• Can we have photos of the birth?
  • Will I be able to watch the surgery via mirror? Could the drapes be lowered?
  • What is the policy about pre-operative medications? Post-operative pain relief?
  • Will the baby be available to me during the surgery time? In the recovery room? When can I begin nursing?
  • If the cesarean is planned, what is the admission procedure?
  • Will my partner be able to go with the baby, should s/he need to leave the room?

Postpartum

  • Will I have the same room postpartum that I did for labor and birth?
  • Are all your postpartum rooms private? Will I ever be moved from my room?
  • Do the rooms have showers or tubs? What about sitz baths?
  • Can members of my family stay over night? Is there an extra charge for this?
  • What pain relief options are available postpartum? Does that differ if you’ve had a cesarean birth? What about nursing moms?
  • What is the average length of stay for a vaginal birth? A cesarean birth?
  • Is there a policy for early discharge?

Baby Care

  • What is your policy on rooming in? Are there times that the baby cannot be in our room?
  • Do pediatricians do their visits at the bed side? When would this not be appropriate?
  • Do you have a lactation consultant? Is she available seven days a week? What are her hours? Does she see every nursing mom? Is she certified?
  • What are the policies about breastfeeding babies and bottles/pacifiers?
  • Are their sibling visitation policies?

image: The Brooklyn Hospital Center

Obviously, the level of care and sensitivity of hospital staff should be your first priorities. But beyond that, there are many other perks that you might want to look into. Some hospitals offer private suites (for those who are willing to pay) rather than a room that holds several women. Some private suites even offer amenities such as whirlpools and HDTV. Often, these suites also permit you to spend the entire duration of your labor and delivery in the same place, which is known as a Labor Delivery Recovery Postpartum (LDRP) room. You may also be cared for by one or two nurses who have no other patients, and so you will receive more personalized care. It is important to reserve a private room as early as possible in order to raise your chances of having it at your date of delivery.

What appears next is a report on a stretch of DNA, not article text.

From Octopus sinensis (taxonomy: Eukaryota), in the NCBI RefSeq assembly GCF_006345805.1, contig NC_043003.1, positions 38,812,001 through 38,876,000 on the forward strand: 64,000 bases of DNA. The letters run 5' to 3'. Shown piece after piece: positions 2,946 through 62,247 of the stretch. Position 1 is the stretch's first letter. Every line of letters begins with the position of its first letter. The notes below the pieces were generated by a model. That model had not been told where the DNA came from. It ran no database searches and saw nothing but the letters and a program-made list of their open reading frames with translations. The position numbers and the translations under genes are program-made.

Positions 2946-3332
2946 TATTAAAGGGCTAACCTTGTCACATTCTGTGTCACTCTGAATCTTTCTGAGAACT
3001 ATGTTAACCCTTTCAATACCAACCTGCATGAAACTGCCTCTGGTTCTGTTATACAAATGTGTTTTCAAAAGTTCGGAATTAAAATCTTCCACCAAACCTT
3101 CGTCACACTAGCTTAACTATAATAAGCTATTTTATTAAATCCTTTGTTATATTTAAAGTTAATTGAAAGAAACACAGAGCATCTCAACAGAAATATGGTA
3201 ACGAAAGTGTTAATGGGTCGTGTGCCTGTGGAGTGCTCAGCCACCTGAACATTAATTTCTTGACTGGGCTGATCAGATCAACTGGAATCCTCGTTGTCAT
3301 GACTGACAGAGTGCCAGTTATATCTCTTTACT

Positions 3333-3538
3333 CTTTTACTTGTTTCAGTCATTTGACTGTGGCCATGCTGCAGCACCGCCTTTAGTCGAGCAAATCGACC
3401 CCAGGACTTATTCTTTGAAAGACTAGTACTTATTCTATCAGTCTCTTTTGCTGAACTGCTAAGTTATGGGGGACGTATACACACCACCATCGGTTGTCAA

Hospitals offering private suites also offer premium services such as:

  • lactation (breast-feeding) consultants
  • 24-hour anesthesiologist care
  • a private nursery for keeping your infant near you after the birth
  • 24-hour room service (new mothers can be hungry at odd hours of the day and night!)
  • permission for siblings to watch the birth
  • 24-hour visitors (unless the mother or infant is in need of more medical attention)
  • massages that last from fifteen minutes to two hours
  • free parking for visitors
  • new-parent classes for parents to learn about infant care.
  • special support groups such as new mothers groups, new fathers groups, and even new siblings groups.

After you have made a list of hospitals that interest you, it is a good idea to schedule visits with them. Many hospitals offer group or individual tours for their maternity centers. During your visit, scrutinize the facilities for cleanliness, because hygiene is essential when your baby is born and is vulnerable to infection. You should arrive at your tour with a list of questions, though it is likely that many of these questions will be addressed during your tour. In addition, you should ask for a brochure or pamphlet of the hospital’s policies and regulations for maternity patients, so you can brush up on them before your delivery date. During your visit, be careful not to be taken in by the luxury of the facilities—make sure first and foremost that the hospital has the resources to successfully treat your infant in case of emergencies.

For more information visit More 4 Kids and About.com: Pregnancy & Childbirth.